Yet the No Child Left Behind education reform act, which requires schools to meet annual progress goals or face sanctions that include reorganization, has in many cases shifted the focus from musical scores to test scores.

The Center on Education Policy survey found that U.S. students have been spending more time on math and reading and less on other subjects since 2001. The 2007 report, which examined how No Child Left Behind had affected curriculum and instructional time, showed that 16% of districts surveyed had reduced class time for art and music.

“We’ve raised the stakes now for schools so high that the decisions are different,” said Julie Bell, education program director for the National Conference of State Legislatures. “That ultimate determination of whether your school’s going to succeed or not -- that’s obviously what’s driving the budgets.”

Education Secretary Margaret Spellings said schools don’t have to choose between reading and math and the arts.

“This notion that these things are mutually exclusive, I completely reject,” she said.


Mike Blakeslee, deputy executive director of the National Assn. for Music Education, agrees.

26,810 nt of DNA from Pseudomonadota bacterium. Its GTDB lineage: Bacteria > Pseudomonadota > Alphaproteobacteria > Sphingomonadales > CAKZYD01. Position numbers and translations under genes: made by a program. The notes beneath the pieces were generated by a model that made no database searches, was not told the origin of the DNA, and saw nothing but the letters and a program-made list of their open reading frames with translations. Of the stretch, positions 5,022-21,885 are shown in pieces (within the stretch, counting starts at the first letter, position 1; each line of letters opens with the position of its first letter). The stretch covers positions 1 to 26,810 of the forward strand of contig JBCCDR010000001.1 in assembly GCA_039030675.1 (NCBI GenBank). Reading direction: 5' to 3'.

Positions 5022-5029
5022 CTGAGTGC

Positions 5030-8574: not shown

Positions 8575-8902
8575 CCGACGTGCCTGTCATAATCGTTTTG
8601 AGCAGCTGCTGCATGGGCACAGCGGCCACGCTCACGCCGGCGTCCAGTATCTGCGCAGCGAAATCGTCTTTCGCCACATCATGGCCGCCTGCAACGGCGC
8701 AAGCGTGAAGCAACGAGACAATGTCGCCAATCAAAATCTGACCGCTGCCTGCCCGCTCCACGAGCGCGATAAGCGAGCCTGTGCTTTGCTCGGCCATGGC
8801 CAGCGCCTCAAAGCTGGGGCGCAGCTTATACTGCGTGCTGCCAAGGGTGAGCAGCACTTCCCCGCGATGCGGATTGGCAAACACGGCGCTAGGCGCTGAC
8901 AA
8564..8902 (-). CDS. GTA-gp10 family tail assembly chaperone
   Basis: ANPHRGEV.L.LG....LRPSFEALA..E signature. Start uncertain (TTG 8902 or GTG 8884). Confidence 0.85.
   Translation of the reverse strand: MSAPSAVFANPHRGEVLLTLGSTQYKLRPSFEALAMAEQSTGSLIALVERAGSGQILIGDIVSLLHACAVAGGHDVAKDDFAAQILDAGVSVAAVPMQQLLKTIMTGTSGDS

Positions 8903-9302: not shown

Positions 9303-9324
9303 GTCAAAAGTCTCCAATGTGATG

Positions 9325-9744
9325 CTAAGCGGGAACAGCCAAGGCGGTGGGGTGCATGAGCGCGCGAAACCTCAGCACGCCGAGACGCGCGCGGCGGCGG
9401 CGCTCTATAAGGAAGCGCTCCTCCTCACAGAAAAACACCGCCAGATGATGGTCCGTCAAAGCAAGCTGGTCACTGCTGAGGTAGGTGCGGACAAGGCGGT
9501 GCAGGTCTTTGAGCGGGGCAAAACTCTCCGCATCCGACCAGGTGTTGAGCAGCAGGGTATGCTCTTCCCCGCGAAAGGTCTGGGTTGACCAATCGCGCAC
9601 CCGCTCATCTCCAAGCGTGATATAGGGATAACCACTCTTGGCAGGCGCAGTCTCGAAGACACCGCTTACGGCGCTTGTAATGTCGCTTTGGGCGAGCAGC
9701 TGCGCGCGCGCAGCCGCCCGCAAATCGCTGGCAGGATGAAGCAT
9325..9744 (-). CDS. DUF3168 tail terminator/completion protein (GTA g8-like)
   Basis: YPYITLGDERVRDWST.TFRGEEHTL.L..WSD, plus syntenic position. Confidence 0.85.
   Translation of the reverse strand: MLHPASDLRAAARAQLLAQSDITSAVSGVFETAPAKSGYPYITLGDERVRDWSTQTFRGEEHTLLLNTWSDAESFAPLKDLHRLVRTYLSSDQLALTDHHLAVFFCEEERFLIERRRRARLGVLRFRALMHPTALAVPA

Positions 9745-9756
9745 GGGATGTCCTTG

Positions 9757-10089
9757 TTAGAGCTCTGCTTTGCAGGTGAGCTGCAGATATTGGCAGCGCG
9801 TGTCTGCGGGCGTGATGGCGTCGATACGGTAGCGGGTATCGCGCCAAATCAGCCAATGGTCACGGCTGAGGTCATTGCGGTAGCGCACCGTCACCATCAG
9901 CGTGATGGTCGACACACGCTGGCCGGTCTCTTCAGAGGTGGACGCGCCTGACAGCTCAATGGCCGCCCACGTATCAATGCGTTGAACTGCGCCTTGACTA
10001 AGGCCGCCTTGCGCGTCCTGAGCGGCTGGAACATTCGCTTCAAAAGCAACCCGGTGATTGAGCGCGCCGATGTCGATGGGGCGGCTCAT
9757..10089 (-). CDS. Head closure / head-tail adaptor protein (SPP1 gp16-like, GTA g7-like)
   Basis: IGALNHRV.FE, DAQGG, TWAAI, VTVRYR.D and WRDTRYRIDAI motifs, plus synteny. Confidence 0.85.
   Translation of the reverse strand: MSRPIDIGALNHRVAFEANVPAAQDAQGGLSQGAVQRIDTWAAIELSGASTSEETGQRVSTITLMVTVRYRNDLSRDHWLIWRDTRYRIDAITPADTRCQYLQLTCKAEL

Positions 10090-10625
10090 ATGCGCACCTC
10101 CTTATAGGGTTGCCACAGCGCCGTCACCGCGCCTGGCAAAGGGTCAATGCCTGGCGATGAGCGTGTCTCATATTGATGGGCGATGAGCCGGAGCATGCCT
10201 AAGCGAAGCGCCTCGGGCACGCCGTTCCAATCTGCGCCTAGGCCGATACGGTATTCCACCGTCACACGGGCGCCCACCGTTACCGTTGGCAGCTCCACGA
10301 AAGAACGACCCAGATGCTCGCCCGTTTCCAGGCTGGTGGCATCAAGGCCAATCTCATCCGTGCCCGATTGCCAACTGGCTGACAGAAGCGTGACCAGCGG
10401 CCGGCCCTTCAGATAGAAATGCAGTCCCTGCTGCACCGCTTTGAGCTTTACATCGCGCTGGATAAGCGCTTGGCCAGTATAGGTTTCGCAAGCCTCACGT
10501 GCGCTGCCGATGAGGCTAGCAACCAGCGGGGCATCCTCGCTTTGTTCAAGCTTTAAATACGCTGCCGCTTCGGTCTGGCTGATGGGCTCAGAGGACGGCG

Outside groups and after-school programs can’t replace daily efforts by certified teachers, he contends. “Music is a discipline like any other. It needs ongoing, planned, sequential delivery. If the kids are only getting nominal exposure to music education, that’s frankly not enough.”

In some districts, the solution is to partner with community groups to provide extra arts opportunities, such as field trips to museums or performances at school assemblies, while hiring more teachers to provide daily instruction.

The Los Angeles Unified School District uses community arts groups to work with teachers on professional development. The district is also working to put at least four arts teachers -- in dance, music, visual arts and theater -- in every elementary school. So far, 340 out of 500 schools have teachers in all of those subjects, said Richard Burrows, director of arts education for the district.